People’s movements have been inspired by charismatic leaders and smart organizations, but also by powerful ideas. The question then is whether Hacker’s “security and opportunity society” is an idea powerful enough for people to rally around. Can the idea of protecting individuals and families from risk ever move as many people to action as have grand notions of justice or human rights? Some have argued that these concepts are out of date when it comes to winning elections. But, let us remember that the conservative right decided that liberty and freedom were not out of date, and consequently managed to capture and redefine – for a time, successfully – these ideas for their own ends. Hacker’s idea and plans for a “security and opportunity society” could similarly be thrust into the mainstream and inspire a movement and a revival and redefinition of the national discussion. For this to happen, however, Hacker’s ideas must be made accessible, relevant, and immediate to those whom they affect the most. I would like Hacker and other reform leaders to go further in their rhetoric – to identify the problems with our current benefits system not just as a crisis for Americans’ security, but as a direct threat to freedom, dignity, and democratic values. Job-based benefits compromise citizens’ freedom of movement, and most Americans with health insurance are denied free choice of doctors or hospitals.13 Everyone knows someone who lay sick, suffering or dying while their misery was compounded and their dignity attacked by having to fight with an insurance company for coverage of procedures or treatments. People cannot get health insurance because of a preexisting condition, or they lose it because they get sick. Middle-class, hardworking Americans lose their homes, and their children lose any inheritance, for the crime of having to enter a nursing home. The problem is not just that Americans are increasingly insecure, but that the current system assaults so many of our core values. Reform leaders should emphasize that universal protections are intended not only to ensure security, but also to restore freedom, dignity, and democracy to our shared institutions.
A strategy for reform will not succeed without inspiring and harnessing citizen action on its behalf. I make this argument not out of some romantic notion of “people power,” but out of political realism. Much of the concern about Hacker’s proposal, as with the Clinton initiative over a decade ago, is that even though it preserves a major role for private actors in health care it will undoubtedly engender massive opposition from those who profit from the status quo. Endless tinkering to placate private health care interests was a feature of the Clinton proposal, and to no avail: insurance companies and others still came out in full force and defeated the legislation.14 Such powerful interests will only back down if they are confronted directly, both by a political leader – preferably the President – and a people’s movement that will mobilize supporters in workplaces, homes, and public spaces, and that is willing and able to take to the streets, or the Internet, or whatever form citizens’ action will take in the new millennium.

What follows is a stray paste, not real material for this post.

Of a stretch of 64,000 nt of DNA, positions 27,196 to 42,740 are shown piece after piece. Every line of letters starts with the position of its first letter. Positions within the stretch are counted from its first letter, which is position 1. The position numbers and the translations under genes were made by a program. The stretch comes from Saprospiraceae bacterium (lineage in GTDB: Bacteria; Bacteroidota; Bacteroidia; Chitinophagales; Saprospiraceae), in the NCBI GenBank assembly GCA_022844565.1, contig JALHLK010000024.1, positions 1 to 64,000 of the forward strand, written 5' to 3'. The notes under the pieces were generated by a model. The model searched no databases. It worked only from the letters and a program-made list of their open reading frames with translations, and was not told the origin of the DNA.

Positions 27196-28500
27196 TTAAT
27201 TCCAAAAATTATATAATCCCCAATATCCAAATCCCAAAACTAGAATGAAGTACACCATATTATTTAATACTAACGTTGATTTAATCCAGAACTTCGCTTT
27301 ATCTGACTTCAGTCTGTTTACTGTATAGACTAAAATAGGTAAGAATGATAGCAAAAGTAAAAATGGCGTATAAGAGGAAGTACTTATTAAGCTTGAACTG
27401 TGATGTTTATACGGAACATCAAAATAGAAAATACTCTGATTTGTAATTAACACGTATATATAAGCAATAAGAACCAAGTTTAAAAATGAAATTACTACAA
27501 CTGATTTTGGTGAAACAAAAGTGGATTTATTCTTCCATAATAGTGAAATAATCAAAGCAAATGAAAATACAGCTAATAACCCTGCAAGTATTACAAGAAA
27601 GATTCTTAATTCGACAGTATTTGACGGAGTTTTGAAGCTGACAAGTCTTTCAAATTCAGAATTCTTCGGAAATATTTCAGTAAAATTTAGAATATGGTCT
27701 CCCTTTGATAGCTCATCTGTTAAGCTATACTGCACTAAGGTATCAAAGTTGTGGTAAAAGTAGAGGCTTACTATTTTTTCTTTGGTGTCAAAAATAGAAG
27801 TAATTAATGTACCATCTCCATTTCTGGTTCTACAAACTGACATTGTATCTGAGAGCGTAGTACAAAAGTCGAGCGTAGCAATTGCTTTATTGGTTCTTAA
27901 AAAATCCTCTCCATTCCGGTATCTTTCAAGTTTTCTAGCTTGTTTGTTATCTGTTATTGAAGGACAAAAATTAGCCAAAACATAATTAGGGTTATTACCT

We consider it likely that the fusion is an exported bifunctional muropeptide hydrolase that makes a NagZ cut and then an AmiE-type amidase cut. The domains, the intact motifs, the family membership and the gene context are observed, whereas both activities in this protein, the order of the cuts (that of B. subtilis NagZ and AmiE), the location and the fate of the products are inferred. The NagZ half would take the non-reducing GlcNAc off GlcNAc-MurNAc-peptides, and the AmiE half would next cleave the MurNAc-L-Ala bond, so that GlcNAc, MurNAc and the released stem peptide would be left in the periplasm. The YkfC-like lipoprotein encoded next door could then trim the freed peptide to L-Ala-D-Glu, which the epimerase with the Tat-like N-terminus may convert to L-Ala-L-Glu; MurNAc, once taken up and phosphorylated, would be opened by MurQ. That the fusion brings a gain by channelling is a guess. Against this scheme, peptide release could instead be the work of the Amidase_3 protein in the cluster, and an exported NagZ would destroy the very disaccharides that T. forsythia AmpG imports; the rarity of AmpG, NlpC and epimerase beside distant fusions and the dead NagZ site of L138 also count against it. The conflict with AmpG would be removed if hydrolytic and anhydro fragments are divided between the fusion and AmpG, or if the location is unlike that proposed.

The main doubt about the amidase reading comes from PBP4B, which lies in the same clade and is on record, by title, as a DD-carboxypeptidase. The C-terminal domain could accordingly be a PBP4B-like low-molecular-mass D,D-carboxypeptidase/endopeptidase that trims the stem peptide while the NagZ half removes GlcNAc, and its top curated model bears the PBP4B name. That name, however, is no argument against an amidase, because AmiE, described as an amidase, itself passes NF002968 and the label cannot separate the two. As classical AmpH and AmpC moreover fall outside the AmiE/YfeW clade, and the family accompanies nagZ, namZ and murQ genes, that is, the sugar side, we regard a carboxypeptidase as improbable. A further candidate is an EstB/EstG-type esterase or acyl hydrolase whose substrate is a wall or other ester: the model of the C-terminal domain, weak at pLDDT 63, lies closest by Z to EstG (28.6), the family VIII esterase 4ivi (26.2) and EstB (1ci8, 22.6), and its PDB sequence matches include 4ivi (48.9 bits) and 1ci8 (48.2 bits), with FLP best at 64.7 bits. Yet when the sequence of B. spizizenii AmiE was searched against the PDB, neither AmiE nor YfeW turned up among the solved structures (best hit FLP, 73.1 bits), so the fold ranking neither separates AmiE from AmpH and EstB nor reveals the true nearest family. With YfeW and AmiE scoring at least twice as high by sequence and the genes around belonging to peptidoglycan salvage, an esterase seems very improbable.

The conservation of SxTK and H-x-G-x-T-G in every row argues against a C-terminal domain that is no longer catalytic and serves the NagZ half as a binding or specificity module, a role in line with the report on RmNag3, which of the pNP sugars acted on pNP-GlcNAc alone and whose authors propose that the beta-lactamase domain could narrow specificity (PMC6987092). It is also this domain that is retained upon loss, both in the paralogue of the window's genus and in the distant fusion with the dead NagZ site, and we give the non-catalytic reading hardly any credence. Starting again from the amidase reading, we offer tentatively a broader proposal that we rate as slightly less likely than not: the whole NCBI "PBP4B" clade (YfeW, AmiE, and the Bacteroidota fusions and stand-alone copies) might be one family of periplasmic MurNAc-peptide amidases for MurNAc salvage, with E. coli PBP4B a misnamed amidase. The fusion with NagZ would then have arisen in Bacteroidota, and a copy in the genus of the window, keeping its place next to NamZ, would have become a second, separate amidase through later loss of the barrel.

Perhaps we should focus less on proposals that placate powerful interests and more on those that can inspire citizen participation, support, and even passion. I hope that whoever next takes up the cause of health care and security for all will build on Hacker’s notion of protection from risk, but will also go further to portray universal access as a human right essential to the maintenance of Americans’ freedom and dignity. Bold reformers need a bold political strategy for confronting entrenched interests. This must include a recognition and utilization of the power of social movements, or else good ideas will once again go nowhere fast.
* Beatrix Hoffman is Associate Professor of History at Northern Illinois University. Her work is supported by the Robert Wood Johnson Foundation and the National Endowment for the Humanities.
 Jacob S. Hacker, The New Economic Insecurity – And What Can Be Done About It, 1 HARV. L. & POL’Y REV. 111 (2007).
 For purposes of this article, I will not discuss the drawbacks to Hacker’s proposal, except to say that, as a believer in the efficacy of a single-payer health system, I have concerns about his retention of employment-based benefits and for-profit health insurance.
 JACOB S. HACKER, THE GREAT RISK SHIFT: THE ASSAULT ON AMERICAN JOBS, FAMILIES, AND HEALTH CARE – AND HOW YOU CAN FIGHT BACK (2006).
 See, e.g., Review: Jacob Hacker – The Great Risk Shift, Posting of Henry Farrell to Crooked Timber, http://crookedtimber.org/2006/10/16/review-jacob-hacker-the-great-risk-shift/ (Oct. 16, 2006); The Great Risk Shift, Posting of Tyler Cowen to Marginal Revolution, http://www.marginalrevolution.com/marginalrevolution/2006/09/the_great_risk_.html (Sept. 16, 2006).
 FRANCIS E. TOWNSEND, NEW HORIZONS: AN AUTOBIOGRAPHY 116-17 (Jesse George Murray ed., 1943).
 See JILL QUADAGNO, ONE NATION, UNINSURED: WHY THE UNITED STATES HAS NO NATIONAL HEALTH INSURANCE 64-67 (2005).
 See, e.g., STEVEN EPSTEIN, IMPURE SCIENCE: AIDS AND THE POLITICS OF KNOWLEDGE (1996); Jason DeParle, Rude, Rash, Effective, Act-Up Shifts AIDS Policy, N.Y. TIMES, Jan. 3, 1990, at B1.
 Jill Quadagno, Why the United States Has No National Health Insurance: Stakeholder Mobilization Against the Welfare State, 1945-1996, 45 J. HEALTH & SOC. BEHAV. 25, 30,available at http://www.chas.uchicago.edu/documents/MD0506/JHSB04ExtraQuadagno.pdf.
 Julie Kosterlitz, A Grassroots Wave of Reform, 38 NAT’L J. 23, 30-31 (2006).
 Maine Lawmakers Approve Plan for Universal Health Coverage, N.Y. TIMES, June 14, 2003, at A10.
 Pam Belluck & Katie Zezima, Massachusetts Legislation on Insurance Becomes Law, N.Y. TIMES, Apr. 13, 2006, at A13.
 Jennifer Steinhauer, California Plan for Health Care Would Cover All, N.Y. TIMES, Jan. 9, 2007, at A1.
 See, e.g., Michelle Conlin, Held Hostage By Health Care, BUSINESS WEEK, Jan. 29, 2007; Richard Perez-Pena, When Choice Of a Doctor Drives Up Other Bills, N.Y. TIMES, Sept. 11, 2006 at A1.
 See generally Raymond L. Goldsteen et al., Harry and Louise and Health Care Reform: Romancing Public Opinion, 26 J. HEALTH. POL. POL’Y & L. 1325 (2001).